Hello, my name is Jerome Silas. Welcome to my website about creating and following a healthy household budget. When I was in college, I tried to create a smart budget to save all the pennies I could after paying my bills. Unfortunately, I jumped in too fast and created a budget that was impossible to follow for the long term. Through the years, I have learned all about the methods that work best while creating and following a budget. I would like to share those methods with you all to help everyone create a healthy household budget. Thanks for your time.
If you've been working on building your credit score up, you might have taken advantage of some credit card offers. If you have, it's important to remember that you'll need to treat them responsibly. One wrong move with your credit cards could land you right back into trouble with your credit score. Luckily, there are some simple strategies you can use to avoid problems with your credit cards. Here are some helpful tips to get you started.
1. Sign Up for Balance Alerts
Now that you have credit cards, you'll need to keep track of the balances. That can be difficult to do, especially if you haven't devised a plan. One way to monitor your balances, and avoid going over the limit, is to sign up for balance alerts. With balance alerts, you can set a specific limit that you don't want to go over. As soon as you approach that limit, you'll receive notification. Those alerts will help you avoid going over your credit limit.
2. Choose the Best Payment Dates
When you received your credit cards, you also received a payment due date. It's possible that the due date you were given doesn't work well with your pay dates. To make sure you're able to make your payments on time, and avoid late fees, penalties, and dings on your credit score, contact your credit card company and change the date that your payments are due. It doesn't cost anything to change your due dates, and you can change them with just a phone call.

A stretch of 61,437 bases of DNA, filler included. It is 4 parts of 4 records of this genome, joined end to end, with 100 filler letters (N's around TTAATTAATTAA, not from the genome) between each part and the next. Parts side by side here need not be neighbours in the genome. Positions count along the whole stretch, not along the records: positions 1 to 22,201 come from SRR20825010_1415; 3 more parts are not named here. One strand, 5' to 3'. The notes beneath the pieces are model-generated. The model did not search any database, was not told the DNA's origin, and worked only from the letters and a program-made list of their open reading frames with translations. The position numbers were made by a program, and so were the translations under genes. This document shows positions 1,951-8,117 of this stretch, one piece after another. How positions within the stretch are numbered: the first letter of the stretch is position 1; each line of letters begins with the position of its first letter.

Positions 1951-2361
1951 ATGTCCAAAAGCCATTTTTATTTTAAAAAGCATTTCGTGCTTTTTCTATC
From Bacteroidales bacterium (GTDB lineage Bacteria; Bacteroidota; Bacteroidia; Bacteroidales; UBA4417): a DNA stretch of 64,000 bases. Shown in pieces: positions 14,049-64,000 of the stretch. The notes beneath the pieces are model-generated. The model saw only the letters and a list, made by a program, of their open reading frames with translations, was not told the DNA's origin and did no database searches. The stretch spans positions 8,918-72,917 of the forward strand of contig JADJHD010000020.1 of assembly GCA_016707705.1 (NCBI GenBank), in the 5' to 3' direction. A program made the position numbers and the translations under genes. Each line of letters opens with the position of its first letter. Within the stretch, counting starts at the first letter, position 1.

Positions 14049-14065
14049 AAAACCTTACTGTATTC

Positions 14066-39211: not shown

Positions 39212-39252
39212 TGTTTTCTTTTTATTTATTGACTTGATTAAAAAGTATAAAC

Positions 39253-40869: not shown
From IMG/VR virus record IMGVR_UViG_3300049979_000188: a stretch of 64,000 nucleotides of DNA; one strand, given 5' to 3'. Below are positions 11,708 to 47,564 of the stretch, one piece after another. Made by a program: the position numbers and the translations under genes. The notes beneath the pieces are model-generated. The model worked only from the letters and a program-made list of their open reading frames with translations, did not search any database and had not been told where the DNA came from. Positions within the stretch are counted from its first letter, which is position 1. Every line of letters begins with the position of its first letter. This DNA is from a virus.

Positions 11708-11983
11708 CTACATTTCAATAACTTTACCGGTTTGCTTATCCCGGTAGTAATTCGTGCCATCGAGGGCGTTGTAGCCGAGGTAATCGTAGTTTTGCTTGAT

3. Avoid Maxing Out Your Cards
When you have credit cards burning a hole in your wallet, it can be tempting to max them out. Unfortunately, that's a good way to get yourself into serious credit card debt. First, maxing out your credit cards puts a ding on your credit score. Second, creditors tend to view maxed out credit cards as a sign that you can't manage your finances. Finally, once your credit card is maxed out, it only takes one missed payment to send you over your credit limit. Unfortunately, when that happens, you're going to be looking at additional fees.
4. Keep Some of Your Credit Cards at Home
If you have multiple credit cards, it's a good idea to keep some of them at home. Leaving all your credit cards in your wallet can lead to overspending. However, if you only have one credit card in your wallet, you can reach for the others when you get the urge to overspend.
Now that you have a few credit cards, make sure you don't get yourself into debt. Use the tips provided here to use your new credit cards responsibly, and avoid jeopardizing your credit score.Share
15 April 2018